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9to5to9: What a boy wants is to cry

Submitted by on Friday, 10 October 2008 No Comment

A friend called it in the summer. Soon, he said, Little Guy would start crying to get his way.

His prediction was based on anecdotal evidence gathered from two youngest-sibling ex-spouses. There is some birth-order research to back that up, though most describes the youngest as charming and helpless. Maybe the helpless part is where the weeping comes in.

Nah, not going to happen, I assured him. Little Guy is the most chilled kid on the planet. Slept through his circumcision even.

Yet, there Little Guy stood on the stoop this evening, home an hour early because he didn’t want to go to Big Guy’s soccer practice. His eyes were cast up, his chin drooping. He took three steps inside and threw himself on the carpet. “I’m hungry! Want dinner!”

And, as he usually does, he said it not in an angry way, but with the hopeless forlorn of one whose mother starves him. It went on for about 15 minutes.

Would someone pass the ketchup? The crow I’m about to eat is kind of dry.

I thought I could avoid all that birth-order stuff. My youngest wouldn’t be a whiny, manipulative twerp like my brother was. I would not fall victim to baby worship!

Ba ha ha ha ha, laugh the Motherhood Muses. They haven’t seen me step this deep in a pile in a long time.

I swear I could tell differences in these two from the start. Big Guy wanted to stay up all night and play soccer even back then, but Little Guy was so still he’d scare me.

But what else did I do along the way to influence this?

Yes, I did cuddle Baby Little Guy a bit more, because I’d gotten over listening to everyone’s nonsense about just letting a wee one wail. Was I teaching him that far back to cry and I’d come running?

Big Guy, though, was colic-plagued for six weeks, so he had plenty of arm time, too. There was a difference, though. With Big Guy, I was more likely to be up dancing because the activity soothed him. He had a low boredom threshold even back then.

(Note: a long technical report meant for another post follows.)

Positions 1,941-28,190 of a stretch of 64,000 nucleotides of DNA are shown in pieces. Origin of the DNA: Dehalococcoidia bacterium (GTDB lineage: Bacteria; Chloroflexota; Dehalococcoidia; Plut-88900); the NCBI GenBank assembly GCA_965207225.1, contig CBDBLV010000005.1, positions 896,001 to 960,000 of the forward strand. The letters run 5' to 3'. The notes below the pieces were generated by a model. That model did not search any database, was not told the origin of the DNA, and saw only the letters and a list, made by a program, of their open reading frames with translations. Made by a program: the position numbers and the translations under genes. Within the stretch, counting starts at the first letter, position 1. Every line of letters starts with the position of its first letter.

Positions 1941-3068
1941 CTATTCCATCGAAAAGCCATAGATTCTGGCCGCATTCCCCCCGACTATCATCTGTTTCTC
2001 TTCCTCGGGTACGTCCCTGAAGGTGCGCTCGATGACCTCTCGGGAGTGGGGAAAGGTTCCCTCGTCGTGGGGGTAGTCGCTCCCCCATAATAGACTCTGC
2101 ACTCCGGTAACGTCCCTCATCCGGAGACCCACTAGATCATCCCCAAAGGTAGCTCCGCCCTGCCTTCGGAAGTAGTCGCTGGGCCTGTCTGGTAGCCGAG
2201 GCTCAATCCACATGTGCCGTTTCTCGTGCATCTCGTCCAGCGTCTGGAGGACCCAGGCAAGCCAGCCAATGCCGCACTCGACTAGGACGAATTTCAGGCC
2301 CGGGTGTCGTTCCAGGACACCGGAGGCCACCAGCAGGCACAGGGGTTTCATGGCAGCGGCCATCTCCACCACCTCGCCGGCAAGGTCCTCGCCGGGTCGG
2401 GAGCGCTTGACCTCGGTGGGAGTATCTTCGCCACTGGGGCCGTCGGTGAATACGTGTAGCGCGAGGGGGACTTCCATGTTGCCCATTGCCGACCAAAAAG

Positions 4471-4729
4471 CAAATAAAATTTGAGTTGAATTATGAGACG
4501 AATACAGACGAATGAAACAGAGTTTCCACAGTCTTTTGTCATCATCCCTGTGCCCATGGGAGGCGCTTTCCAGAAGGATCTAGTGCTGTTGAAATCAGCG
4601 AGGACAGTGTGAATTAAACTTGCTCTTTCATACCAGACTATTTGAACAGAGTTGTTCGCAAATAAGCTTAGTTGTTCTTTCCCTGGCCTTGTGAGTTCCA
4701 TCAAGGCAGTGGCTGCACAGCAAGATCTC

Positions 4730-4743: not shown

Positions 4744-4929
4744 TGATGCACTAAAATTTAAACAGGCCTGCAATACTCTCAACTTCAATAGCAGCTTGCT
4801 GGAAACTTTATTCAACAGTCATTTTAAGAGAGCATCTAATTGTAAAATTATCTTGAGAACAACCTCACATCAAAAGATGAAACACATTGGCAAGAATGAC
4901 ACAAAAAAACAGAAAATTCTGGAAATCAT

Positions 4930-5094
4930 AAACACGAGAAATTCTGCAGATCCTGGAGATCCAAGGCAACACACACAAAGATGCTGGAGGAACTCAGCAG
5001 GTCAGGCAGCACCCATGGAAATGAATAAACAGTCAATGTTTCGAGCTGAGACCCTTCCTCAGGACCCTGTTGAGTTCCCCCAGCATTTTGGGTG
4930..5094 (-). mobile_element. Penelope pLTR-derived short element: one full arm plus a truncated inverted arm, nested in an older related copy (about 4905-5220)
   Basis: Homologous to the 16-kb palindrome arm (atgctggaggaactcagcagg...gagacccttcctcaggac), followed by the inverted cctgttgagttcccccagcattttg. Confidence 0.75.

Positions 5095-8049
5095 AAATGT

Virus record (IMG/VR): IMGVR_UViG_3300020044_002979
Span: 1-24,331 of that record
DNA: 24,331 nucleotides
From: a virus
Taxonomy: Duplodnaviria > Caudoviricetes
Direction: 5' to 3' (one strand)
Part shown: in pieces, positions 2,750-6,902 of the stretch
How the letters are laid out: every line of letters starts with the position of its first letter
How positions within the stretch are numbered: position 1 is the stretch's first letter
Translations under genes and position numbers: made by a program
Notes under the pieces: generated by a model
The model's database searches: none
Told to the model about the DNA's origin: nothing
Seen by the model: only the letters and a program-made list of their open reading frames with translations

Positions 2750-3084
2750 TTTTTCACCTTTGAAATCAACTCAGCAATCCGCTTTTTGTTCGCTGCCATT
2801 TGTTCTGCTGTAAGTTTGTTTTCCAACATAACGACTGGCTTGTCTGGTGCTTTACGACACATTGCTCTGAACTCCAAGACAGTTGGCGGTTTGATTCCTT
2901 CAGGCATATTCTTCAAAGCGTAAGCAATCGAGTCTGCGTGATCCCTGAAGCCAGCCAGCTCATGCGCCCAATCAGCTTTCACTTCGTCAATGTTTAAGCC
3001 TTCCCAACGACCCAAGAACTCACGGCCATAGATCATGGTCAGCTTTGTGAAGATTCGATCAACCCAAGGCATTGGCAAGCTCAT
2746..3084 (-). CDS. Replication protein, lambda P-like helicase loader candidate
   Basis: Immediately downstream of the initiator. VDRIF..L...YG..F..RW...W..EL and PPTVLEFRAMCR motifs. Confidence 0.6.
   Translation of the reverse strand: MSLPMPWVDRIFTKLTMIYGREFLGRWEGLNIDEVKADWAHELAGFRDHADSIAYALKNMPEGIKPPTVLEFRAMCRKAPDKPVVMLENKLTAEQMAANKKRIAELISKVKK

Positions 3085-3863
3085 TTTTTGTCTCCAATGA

I’ve tried to steer as clear as I can of their petty disputes, though there have been times when I’ve had to intercede on Little Guy’s behalf because bigger Big Guy could easily thump him.

And it turns out that the size difference is what’s been bothering Little Guy. He told me tonight, ironically putting it all on his El, just like Big Guy uses Bear to work through his problems.

“Mommy, El wants to be big. He wants to go to kindergarten.”

“If he keeps getting his good food, he’ll grow.”

“But he’ll never be as big as his brother.”

“He might. You never know.” I didn’t bother to tell him that with a mother who’s 5-4 and a father who’s 5-6, neither brother should expect to be Yao Ming.

“No, he won’t. He’s tiny. He’ll always be tiny.”

He continued his story for a good 10 minutes, pleading that El is diligent about his homework so the teacher should let him in class. El already has a “packpack” and “lunchboch,” he said. He’s ready to go.

I knew Big Guy starting kindergarten had thrown Little Guy for a loop. Suddenly, the brother who’s always been at his side at day care was vacationing in this exotic kinderplace every morning and, no matter how hard he tried, Little Guy couldn’t convince the big people that he should be allowed to go, too.

I’d probably cry, too, if I had all that weighing me down.

So yes, like a classic youngest sibling, Little Guy can bat eyes with the best of them. And he’s not above moaning “I can’t do it” when he doesn’t feel like doing it. Some of it is strictly gratuitous.

But it turns out there also was something else bumping around in his brain and bothering him. I’m happy est El and I got to have a nice chat about it.

Copyright 2008 Debra Legg. All rights reserved.

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